He revealed productive cough and exertional dyspnoea for the past 4 years and was under steroid inhalers. Patient had habit of smoking 5-6 chuttas per day for the past 50 years. Clinical examination revealed diffuse swelling over left body and angle of the mandible. Skin over the swelling was smooth with no surface changes. On palpation it was firm in consistency and slightly tender. There was also a palpable lymph node in the left sub mandibular region which was 2 × 1.5 cm in size, hard in consistency, nontender, and not freely movable. Intraoral examination revealed decreased mouth opening with inter incisal distance of 24 mm, restricted jaw movements, and grade 2 mobility in relation to 36, 37, and 38. Considering history and clinical picture provisional diagnosis of malignant neoplasm involving left body and angle of mandible was considered. Differential diagnosis of metastatic jaw tumor, osteosarcoma, and chondrosarcoma was given. Panoramic and PA skull radiographs revealed radiolucency with irregular borders at the left body and ramus of the mandible till the condylar head (Figure 2).

TMJ tomography showed osseous destruction involving left condyle. Radiographically differential diagnosis of gorhams disease and metastatic jaw tumor were considered. Considering history of persistent cough chest radiograph was taken which revealed homogeneous opacity involving the entire mid- and lower zones of the left lung (Figure 3).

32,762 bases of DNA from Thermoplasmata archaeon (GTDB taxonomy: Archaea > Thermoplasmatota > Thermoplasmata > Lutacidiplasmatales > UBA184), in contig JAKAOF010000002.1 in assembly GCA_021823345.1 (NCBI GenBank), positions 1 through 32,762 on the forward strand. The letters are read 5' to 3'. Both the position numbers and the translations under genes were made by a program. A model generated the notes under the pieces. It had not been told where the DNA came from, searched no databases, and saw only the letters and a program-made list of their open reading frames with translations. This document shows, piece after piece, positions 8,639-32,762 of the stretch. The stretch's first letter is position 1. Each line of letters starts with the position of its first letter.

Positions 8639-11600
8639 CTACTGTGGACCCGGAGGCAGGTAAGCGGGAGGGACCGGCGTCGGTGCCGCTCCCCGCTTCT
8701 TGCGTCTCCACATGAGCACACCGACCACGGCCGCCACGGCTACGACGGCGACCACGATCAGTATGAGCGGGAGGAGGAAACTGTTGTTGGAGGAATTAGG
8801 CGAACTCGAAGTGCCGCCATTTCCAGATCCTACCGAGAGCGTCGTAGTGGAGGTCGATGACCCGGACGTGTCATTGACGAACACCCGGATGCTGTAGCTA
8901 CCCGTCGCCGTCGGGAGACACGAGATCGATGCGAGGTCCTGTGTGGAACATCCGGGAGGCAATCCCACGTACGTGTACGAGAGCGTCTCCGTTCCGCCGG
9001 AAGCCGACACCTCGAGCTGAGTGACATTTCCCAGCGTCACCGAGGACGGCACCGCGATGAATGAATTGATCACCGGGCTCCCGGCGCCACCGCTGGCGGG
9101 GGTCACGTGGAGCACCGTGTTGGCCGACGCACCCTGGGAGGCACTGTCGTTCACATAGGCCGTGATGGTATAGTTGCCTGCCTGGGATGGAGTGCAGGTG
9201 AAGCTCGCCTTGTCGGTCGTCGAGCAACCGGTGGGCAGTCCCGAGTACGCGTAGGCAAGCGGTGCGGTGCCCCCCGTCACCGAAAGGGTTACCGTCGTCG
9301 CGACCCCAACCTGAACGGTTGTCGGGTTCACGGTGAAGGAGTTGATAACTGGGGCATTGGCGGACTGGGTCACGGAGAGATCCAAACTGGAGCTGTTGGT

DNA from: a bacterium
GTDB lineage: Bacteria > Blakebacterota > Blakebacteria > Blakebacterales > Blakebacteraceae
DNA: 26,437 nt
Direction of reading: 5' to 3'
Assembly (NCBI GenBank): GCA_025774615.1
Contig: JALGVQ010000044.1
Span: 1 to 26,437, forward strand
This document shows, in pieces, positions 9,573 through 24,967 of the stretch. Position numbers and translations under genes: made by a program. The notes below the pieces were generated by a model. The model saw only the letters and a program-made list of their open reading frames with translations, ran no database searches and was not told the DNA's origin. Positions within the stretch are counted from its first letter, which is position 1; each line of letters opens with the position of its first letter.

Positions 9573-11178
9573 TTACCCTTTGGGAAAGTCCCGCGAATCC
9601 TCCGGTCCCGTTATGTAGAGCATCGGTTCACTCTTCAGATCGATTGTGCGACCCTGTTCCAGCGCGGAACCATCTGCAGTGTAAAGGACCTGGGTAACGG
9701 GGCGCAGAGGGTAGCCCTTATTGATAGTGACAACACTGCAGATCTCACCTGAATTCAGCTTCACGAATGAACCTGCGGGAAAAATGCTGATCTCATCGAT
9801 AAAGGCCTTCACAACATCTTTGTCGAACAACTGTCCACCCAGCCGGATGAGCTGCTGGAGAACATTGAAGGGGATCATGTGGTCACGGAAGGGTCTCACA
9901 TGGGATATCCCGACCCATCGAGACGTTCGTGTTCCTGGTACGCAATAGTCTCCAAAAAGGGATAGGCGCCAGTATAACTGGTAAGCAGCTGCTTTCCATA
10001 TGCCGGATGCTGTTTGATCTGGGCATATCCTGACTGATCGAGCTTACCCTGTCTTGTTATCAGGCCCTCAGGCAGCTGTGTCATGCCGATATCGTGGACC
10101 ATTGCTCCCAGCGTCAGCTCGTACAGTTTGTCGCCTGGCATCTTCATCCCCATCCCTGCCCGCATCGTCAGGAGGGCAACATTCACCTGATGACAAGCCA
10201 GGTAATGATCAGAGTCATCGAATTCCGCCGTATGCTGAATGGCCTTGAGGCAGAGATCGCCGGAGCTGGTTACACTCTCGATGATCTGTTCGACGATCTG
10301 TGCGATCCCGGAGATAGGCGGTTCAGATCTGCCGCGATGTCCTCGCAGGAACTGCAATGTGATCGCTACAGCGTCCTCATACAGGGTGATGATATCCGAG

The patient was referred to radiologist for CT chest and mandible. CT chest revealed 12 × 7 × 6 cm mixed dense lesion in left lung with bronchial stenosis and distal collapse (Figure 4(a)). Axial sectional study of CT mandible revealed osteolytic areas involving the left body extending from 46 region of mandible encroaching the entire ramus till the condylar head with adjacent soft tissue mass (Figure 4(b)).

As metastatic work up abdominal ultrasound scan was done which revealed no evident pathology. Later whole body scan was performed showing metastasis in the mandible and left submandibular lymph node. Hematological findings showed raised ESR. Serum calcium, phosphorus, alkaline, and acid phosphatase were done to rule out fibro osseous lesions which were under normal limits. Incisional biopsy was done from jaw tumor which revealed infiltrating epithelial islands with dysplastic features like cellular pleomorphism, nuclear hyperchromatism, increased nuclear cytoplasmic ratio, mitotic figures, keratin pearls, and dense inflammatory cell infiltrate suggestive of squamous cell carcinoma (Figure 5).